The New Center for Fiction Is Opening in Brooklyn
A One-Stop Spot for All Your Literary Needs
In 2017 I asked Lit Hub readers—could there be a space in the United States like Oslo’s Litteraturhuset that provides writers, translators, critics, playwrights, illustrators, readers, children, scholars, activists, and the inquisitive a place to meet, write, debate, read, and discuss writing, ideas, and politics over food and drinks, all with the mission of promoting the greater good of art and literature? It seemed an impossible fantasy.
While specialized organizations exist in the US like the 92nd Street Y in New York or the Commonwealth Club in San Francisco, they don’t shepherd a wide spectrum of literary genres under one roof, let alone with tealights on tabletops, afternoon espressos, or free programs for 250,000 visitors, as they do in Oslo.
Noreen Tomassi, Executive Director of the Center for Fiction, responded in kind, proclaiming in the comments of my article that “New York City will have a space almost exactly like Oslo’s Litteraturhuset” when the new and improved Center for Fiction opens in Brooklyn. That day has come.
The Center for Fiction was founded in 1821 as the Mercantile Library and its mission was to “educate young men for success in the mercantile trade” but from the start, fiction (or “works of fancy” as their 1825 Annual Report called fiction) colonized the collection. By 1870 it was the largest lending library in the United States. As the decades whooshed by, the Center kept up with the demands of its members and its audiences: fiction . . . and the belief that fiction opens new worlds. The old Center, it seems, simply ran out of breath (and perhaps space) so once again, the Center adapted.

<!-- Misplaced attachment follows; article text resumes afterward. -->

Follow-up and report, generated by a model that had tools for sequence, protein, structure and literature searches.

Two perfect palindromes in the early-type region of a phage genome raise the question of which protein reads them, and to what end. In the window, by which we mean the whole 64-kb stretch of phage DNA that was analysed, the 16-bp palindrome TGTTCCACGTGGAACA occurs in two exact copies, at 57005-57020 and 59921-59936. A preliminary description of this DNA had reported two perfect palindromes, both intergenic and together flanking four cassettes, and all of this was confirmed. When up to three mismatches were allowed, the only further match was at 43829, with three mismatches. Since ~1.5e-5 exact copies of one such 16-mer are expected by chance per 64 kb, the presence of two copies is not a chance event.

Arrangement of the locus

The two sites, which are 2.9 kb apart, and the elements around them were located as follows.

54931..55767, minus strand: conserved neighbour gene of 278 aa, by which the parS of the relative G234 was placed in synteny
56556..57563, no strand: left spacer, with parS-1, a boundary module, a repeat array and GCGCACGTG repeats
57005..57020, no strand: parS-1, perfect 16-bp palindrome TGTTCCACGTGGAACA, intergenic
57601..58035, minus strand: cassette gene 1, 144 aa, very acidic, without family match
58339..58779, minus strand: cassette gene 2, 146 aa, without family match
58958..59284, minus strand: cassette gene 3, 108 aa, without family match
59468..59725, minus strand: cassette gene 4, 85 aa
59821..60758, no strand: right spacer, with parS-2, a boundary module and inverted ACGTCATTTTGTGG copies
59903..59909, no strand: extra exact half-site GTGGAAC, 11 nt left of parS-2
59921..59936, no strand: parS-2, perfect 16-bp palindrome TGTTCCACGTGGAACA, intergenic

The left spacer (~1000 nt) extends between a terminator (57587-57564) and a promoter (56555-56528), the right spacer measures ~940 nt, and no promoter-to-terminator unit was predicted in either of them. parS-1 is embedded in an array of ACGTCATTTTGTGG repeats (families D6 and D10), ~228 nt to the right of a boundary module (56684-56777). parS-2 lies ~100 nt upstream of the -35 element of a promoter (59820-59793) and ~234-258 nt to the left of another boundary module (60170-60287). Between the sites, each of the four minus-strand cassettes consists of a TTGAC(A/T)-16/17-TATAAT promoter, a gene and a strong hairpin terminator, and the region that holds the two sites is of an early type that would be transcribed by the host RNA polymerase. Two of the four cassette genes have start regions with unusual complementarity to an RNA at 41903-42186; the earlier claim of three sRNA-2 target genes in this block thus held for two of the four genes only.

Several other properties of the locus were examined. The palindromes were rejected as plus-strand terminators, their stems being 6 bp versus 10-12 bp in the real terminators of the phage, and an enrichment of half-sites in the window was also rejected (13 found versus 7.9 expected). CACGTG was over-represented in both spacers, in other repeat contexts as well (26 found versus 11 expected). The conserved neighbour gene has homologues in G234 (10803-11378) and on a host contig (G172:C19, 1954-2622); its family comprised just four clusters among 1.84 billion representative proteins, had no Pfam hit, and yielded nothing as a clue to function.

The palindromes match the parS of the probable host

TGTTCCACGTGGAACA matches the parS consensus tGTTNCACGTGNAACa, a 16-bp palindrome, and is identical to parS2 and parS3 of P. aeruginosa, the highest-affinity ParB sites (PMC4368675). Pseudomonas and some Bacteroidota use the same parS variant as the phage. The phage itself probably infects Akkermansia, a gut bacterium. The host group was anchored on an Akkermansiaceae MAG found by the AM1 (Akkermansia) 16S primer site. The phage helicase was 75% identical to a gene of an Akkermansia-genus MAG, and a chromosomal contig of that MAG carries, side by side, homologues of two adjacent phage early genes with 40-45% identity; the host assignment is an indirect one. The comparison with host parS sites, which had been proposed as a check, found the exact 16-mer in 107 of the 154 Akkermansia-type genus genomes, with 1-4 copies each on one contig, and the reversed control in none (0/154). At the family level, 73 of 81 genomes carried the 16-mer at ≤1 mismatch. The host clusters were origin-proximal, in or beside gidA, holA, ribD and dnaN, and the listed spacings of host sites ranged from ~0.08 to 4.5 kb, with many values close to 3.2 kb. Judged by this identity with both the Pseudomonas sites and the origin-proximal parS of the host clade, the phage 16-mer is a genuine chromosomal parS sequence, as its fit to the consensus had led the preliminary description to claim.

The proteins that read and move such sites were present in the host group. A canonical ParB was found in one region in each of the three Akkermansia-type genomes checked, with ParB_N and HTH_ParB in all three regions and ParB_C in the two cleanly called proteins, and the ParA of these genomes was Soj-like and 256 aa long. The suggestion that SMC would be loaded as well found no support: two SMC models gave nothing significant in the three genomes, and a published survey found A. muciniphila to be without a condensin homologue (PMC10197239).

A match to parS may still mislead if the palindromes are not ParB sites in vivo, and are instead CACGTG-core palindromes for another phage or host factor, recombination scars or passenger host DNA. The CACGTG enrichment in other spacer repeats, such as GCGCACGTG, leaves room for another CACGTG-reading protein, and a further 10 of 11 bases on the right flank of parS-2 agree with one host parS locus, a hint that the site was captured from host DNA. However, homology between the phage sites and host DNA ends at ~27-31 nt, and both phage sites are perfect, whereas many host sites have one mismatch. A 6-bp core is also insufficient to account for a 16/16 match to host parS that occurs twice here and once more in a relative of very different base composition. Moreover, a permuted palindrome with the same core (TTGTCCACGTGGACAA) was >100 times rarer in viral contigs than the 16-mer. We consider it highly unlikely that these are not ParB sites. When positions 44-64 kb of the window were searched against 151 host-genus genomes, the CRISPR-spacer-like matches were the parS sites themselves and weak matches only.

Kerri Arsenault: How do you see the new Center coming together in Brooklyn?
Noreen Tomassi: First, we’ll have much more space, but the key thing about being in Brooklyn is that it will be a space where the reading and writing of fiction is supported all the way throughout the process, beginning with our KidsRead and KidsWrite programs with NYC schools to wiring workshops on site and online, then support for emerging writers, our onsite writers’ studio, the First Novel Prize, and the sale of the finished product in our bookstore. After that, we are on to engaging the readers through events and reading groups. We want to create a home for the complete experience.
KA: Is that the dream, a kindergartener sitting in one of your classes and then one day you sell a published book by that same kindergartener?
NT: Yes, that is very important to us, fostering that love of reading and writing in kids. Also, one of the things we combat—not combat, that’s too strong a word, because all of this is valuable—is the tendency to engage only online about books. We’re trying to hold on to the notion of physical space where people can meet and talk about books. We’re redesigning our website and hope to have a very lively presence there, but we seem to be increasingly losing spaces in America, everywhere, of real personal encounter, where people can sit and talk about books or writing in person with people who share a love of those things.
We want people who love to read, walk through the door and feel, oh here’s my tribe. I’m at home here.